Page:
When it comes to batteries, most of us do not pay much attention to them beyond size, purpose and ability to be recharged. Everyone knows about AA, AAA and D cells, watch batteries and car batteries, but when it comes to other types, few people can distinguish their purpose and performance. The key to understanding battery ratings is to learn about and decipher their specifications.
At its most basic, a battery is anything that stores energy to be used at a later time. By this definition, even a rock pushed to the edge of a cliff can be considered a battery because the energy it took to push it to the edge is stored as potential kinetic energy, which can be released by rolling the rock down the cliff. Today, however, the term battery is reserved for a device that stores electrical energy.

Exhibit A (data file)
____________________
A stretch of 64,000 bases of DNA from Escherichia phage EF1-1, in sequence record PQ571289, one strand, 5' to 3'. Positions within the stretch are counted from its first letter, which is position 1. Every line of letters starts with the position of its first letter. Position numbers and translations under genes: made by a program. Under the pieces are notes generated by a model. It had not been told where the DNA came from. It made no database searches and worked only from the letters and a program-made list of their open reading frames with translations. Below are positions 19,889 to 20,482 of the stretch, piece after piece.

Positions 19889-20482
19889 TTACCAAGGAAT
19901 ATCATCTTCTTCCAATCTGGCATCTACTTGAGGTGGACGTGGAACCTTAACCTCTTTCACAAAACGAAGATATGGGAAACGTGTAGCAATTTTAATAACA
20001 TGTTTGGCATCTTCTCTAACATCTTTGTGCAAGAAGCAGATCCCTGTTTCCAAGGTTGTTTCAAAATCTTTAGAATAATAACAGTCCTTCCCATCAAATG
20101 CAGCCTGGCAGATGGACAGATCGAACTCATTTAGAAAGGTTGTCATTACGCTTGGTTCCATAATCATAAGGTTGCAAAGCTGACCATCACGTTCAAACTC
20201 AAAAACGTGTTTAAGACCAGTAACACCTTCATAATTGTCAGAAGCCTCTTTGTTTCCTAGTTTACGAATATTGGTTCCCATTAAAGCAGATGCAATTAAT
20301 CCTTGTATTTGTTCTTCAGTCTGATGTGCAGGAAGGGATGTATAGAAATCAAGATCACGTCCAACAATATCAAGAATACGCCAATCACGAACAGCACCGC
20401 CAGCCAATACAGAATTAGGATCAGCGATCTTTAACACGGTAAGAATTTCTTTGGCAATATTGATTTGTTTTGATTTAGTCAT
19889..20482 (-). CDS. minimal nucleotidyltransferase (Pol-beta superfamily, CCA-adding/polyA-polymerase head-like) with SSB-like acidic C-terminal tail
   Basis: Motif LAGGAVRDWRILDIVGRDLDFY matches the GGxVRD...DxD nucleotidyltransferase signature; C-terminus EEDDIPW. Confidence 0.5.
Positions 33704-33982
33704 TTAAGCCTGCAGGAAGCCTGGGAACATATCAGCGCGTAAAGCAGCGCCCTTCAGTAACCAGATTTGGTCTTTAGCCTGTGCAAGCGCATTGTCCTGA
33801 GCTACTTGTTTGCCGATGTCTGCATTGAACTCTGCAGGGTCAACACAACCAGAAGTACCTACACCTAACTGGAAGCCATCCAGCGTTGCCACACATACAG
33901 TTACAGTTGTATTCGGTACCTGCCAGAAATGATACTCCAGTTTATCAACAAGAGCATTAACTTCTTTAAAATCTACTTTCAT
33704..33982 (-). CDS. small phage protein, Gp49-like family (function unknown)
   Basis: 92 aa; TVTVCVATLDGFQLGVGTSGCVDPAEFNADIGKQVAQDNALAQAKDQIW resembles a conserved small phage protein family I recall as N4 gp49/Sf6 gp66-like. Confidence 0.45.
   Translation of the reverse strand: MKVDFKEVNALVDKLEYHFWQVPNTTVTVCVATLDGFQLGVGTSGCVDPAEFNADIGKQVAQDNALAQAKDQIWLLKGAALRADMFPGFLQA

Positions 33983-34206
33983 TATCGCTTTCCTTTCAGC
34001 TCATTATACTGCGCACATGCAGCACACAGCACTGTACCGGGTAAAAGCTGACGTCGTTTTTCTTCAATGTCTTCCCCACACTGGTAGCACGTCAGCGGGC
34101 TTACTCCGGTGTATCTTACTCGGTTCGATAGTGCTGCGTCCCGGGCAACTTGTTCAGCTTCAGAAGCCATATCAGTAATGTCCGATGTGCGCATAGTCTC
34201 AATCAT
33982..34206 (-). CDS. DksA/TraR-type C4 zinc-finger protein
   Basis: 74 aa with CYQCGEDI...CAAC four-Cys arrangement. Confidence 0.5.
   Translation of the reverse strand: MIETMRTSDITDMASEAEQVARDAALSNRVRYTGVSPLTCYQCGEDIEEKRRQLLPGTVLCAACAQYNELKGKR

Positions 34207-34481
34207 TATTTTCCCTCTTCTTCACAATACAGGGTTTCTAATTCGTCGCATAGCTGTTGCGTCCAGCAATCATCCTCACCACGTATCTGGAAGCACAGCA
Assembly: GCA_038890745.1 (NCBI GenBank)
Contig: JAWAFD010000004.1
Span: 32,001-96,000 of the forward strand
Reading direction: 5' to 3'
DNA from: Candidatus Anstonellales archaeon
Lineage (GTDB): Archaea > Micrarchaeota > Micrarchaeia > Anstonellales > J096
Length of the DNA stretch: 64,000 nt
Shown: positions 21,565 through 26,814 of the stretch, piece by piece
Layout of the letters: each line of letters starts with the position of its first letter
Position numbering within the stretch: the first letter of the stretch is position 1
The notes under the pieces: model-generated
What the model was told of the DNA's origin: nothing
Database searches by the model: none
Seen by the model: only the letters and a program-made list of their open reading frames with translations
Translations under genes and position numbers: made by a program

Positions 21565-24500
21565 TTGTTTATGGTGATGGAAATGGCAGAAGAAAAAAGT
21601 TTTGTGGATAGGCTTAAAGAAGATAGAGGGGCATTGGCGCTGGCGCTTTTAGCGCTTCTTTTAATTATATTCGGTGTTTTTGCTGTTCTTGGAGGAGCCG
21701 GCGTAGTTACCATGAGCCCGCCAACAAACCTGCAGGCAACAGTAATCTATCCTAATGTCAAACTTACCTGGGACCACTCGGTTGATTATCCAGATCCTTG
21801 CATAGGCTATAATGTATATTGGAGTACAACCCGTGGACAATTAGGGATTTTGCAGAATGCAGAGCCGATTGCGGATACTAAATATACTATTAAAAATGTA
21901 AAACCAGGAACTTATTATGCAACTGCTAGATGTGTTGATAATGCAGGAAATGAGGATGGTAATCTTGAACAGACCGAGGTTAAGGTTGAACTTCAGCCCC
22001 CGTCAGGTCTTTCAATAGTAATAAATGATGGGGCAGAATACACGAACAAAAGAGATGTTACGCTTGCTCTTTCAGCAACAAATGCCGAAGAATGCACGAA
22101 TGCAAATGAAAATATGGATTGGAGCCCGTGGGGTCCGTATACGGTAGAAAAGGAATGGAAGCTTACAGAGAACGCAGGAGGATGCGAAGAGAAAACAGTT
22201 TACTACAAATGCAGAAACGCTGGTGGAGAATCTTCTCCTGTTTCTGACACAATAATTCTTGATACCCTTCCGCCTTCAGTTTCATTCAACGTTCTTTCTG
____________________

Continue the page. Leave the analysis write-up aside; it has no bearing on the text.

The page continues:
The first batteries were invented by the Sumerians in 250 B.C., and it is believed they were used to electroplate metals for jewelry. Since this time, batteries have changed substantially, but they still have the same general design: two electrodes composed of different metals submerged in an electrolyte solution. The first modern battery is attributed to Alessandro Volta, and it was made of a copper electrode and a zinc electrode with an electrolyte solution of sulfuric acid mixed with water or brine.